I’ve tried numerous times to “get into” fighting games over the years with varying amounts of success.
Back in the SNES era, I had a good time with the original Street Fighter II and managed to beat it with most of the characters — but my skills have gotten severely rusty since then. Beyond that, my main contact with the genre has primarily been the Dead or Alive series, which I enjoyed for a combination of its cast of beautiful people and its enjoyably fluid, reasonably accessible action.
But I’d always find myself hitting a wall. I’d never be able to pull off impressive combos, I’d struggle to reliably trigger special moves and I’d have difficulty understanding the underlying strategy that is fundamental to the fighting game experience as a whole. Oh, what to do, what to do?
Continue reading SNK Heroines: Fighting is Fun
Super Qix is an immensely irritating follow-up to an immensely irritating game.
And, like all the really good immensely irritating games of the world, there’s a magic ingredient in there that keeps you coming back for more.
Super Qix is also an interesting game from a historical perspective, in that it’s a game that Japanese developers decided to build on after an all-American original.
Continue reading Taito Essentials: Super Qix
Today, Nintendo is primarily known for its excellent first-party games that it produces for its unique consoles and handhelds. But there was a time when Nintendo games were a lot more platform-agnostic than they are now.
That time was the early ’80s — specifically, the years before the release of the Famicom in 1983, and its Western incarnation, the Nintendo Entertainment System, in 1985. During this time, Nintendo was making arcade games. And there was a great hunger for ports of these arcade games to home-based systems of the time.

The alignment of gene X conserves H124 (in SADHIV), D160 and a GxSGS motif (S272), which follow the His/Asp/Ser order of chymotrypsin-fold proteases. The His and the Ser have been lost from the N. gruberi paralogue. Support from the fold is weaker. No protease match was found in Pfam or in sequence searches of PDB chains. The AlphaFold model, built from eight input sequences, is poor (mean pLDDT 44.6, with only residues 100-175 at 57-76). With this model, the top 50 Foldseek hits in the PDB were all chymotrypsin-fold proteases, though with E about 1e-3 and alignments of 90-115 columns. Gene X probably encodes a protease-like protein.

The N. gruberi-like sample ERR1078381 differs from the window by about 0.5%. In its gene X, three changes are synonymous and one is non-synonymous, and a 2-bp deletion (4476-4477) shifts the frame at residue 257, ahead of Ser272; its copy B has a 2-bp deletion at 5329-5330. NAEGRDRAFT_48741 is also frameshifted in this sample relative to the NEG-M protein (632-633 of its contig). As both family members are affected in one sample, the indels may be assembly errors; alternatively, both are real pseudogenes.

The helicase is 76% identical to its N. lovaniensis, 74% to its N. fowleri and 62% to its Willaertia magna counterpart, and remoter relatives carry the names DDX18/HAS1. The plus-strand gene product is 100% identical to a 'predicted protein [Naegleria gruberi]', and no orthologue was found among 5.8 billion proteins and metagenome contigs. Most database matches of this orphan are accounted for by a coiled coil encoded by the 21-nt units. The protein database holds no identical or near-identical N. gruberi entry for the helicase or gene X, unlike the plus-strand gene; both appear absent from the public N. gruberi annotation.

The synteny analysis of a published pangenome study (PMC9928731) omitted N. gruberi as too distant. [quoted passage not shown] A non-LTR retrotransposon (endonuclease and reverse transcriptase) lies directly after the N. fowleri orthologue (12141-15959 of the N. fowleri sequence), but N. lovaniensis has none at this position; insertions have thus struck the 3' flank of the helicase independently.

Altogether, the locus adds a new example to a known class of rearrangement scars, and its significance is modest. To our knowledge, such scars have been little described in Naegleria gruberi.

Nintendo’s 1981 classic Donkey Kong was a game that got ported to pretty much every platform imaginable at the time. And the 1983 version for Atari home computers was one of the best.
This is a cross-post with my new site AtariXL; please head over there and follow if you’re interested in Atari computers, games, software and hardware!
Continue reading Nintendo on Atari: Donkey Kong
It’s interesting to see how the Raiden series has evolved over time, what with it being one of the longest-running series of shoot ’em ups that is still relevant today.
Raiden V is probably the biggest “reinvention” the series has seen since its inception — and consequently may take a little adjusting to for series veterans in particular — but it’s still very much recognisable as an installment in this classic series.
For those less familiar with shoot ’em ups — or those interested in getting involved in the modern side of this challenging, fascinating genre — Raiden V is certainly something of a trial by fire, but it’s a very rewarding journey to take.
Continue reading Shmup Essentials: Raiden V